Bowenpally vegetable market in Hyderabad took a very novel initiative to convert its daily food waste to energy. The innovative waste management system generates energy in the form of bioelectricity, biofuel and bio manure. The generated electricity powers the market back, and on the other hand, biofuel is consumed while cooking food in the market’s canteen.
Why waste management is important
Why is waste management required after all? What is the current state of affairs?
Every time we cook food there is a certain amount of food waste that is generated. This could be in the form of rotten vegetables, peels or even leftovers from our plates. One could imagine the amount of waste produced in larger establishments like restaurants, canteens and community kitchens. This waste is disposed of in the municipal truck via the trash cans in our house or restaurants. For most citizens, this is the end of the story.
In the lack of proper waste management facilities, what happens next to the disposed of waste is quite damaging to our society as a whole. The collected waste is eventually dumped into large landfill sites that, mind you, are not very far from our cities. With tonnes of waste collected in a landfill, it is a breeding ground for all kinds of diseases. The stench from the piled up garbage travels to a great distance, which is just one of the adverse effects of the tonnes of accumulated trash. It also leads to severe groundwater contamination and soil contamination in the nearby region, which indirectly results in many long term diseases for the neighbouring inhabitants.
To put things into perspective, the infamous landfill site of Ghazipur in New Delhi, which caught fire a few years back, is more than 65 metres tall now. This mountainous landfill holds more than 140 lakh metric tonnes of waste.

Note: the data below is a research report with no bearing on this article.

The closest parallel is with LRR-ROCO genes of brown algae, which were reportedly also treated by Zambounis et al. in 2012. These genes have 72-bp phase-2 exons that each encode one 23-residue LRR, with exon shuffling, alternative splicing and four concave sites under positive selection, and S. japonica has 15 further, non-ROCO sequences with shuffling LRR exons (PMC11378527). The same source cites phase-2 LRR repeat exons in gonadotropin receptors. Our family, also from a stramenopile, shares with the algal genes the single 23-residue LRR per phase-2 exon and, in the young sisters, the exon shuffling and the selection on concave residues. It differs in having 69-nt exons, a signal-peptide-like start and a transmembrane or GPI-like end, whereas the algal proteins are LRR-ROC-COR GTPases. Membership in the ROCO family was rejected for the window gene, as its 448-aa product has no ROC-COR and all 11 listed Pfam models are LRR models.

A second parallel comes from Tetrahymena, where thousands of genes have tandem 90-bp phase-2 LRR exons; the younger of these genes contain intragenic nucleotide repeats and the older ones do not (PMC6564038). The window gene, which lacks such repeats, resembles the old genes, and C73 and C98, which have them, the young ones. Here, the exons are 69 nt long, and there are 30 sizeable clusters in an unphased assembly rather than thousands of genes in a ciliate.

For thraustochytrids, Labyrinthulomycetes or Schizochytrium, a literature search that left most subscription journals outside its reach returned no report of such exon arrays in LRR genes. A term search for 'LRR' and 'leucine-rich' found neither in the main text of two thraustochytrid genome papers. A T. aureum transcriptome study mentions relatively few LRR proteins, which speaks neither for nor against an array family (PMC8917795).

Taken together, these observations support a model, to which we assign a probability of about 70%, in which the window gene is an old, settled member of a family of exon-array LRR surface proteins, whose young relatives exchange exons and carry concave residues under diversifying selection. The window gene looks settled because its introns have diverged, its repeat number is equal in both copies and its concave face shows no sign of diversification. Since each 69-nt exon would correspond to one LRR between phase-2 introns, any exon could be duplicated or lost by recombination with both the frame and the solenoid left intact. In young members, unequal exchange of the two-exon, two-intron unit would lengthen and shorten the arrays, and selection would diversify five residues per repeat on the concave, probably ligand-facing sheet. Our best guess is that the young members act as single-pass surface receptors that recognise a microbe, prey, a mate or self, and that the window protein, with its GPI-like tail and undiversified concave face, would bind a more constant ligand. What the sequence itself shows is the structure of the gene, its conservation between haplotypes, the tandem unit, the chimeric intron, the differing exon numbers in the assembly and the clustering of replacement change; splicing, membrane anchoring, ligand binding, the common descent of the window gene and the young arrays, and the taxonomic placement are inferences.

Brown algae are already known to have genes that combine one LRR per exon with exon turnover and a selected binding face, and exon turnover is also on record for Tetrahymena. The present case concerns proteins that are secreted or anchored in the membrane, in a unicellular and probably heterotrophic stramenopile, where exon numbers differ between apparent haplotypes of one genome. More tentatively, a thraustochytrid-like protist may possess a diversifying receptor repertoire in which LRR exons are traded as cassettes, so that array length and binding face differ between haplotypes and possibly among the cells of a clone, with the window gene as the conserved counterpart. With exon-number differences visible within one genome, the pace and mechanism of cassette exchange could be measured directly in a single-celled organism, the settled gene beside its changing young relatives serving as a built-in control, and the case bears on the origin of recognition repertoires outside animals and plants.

How food waste is converted into energy in the Bowenpally market
Coming back to the ingenious solution deployed by the vegetable market in Hyderabad. Each day, tonnes of vegetables are disposed of in the market due to various reasons. Some vegetables are junked because they are rotten, while some are discarded from the unsold inventory. Approximately, 10 tonnes of waste is generated on a daily basis. This food waste is collected in a plant, where it is converted to 500 units of electricity and 30 kgs of biofuel.
The process of converting waste to energy is rather simple and low tech. The uniformly sized waste vegetables are put on a conveyor belt which pushes the vegetables into a shredder. Next, the grinder further crushes the shredded waste into a pulp, which later reaches a digester. Inside the digester, bacteria consume the food waste and give out methane and carbon dioxide. Following up, the resultant biogas is stored in multiple chambers. In the last step, burning the cached biogas produces electricity which illuminates the street lights and powers the market’s canteen which serves roughly 800 meals a day.
All-round appreciation of the sustainable effort
Prime Minister Narendra Modi, in Man Ki Baat, lauded the efforts of the local vegetable market in being self-reliant and contributing to a cleaner environment. Indeed a perfect example of converting waste to wealth.
Signing off now, stay tuned for similar information about events, which gives us hope of a better world for our future generations. See you all in our next episode.
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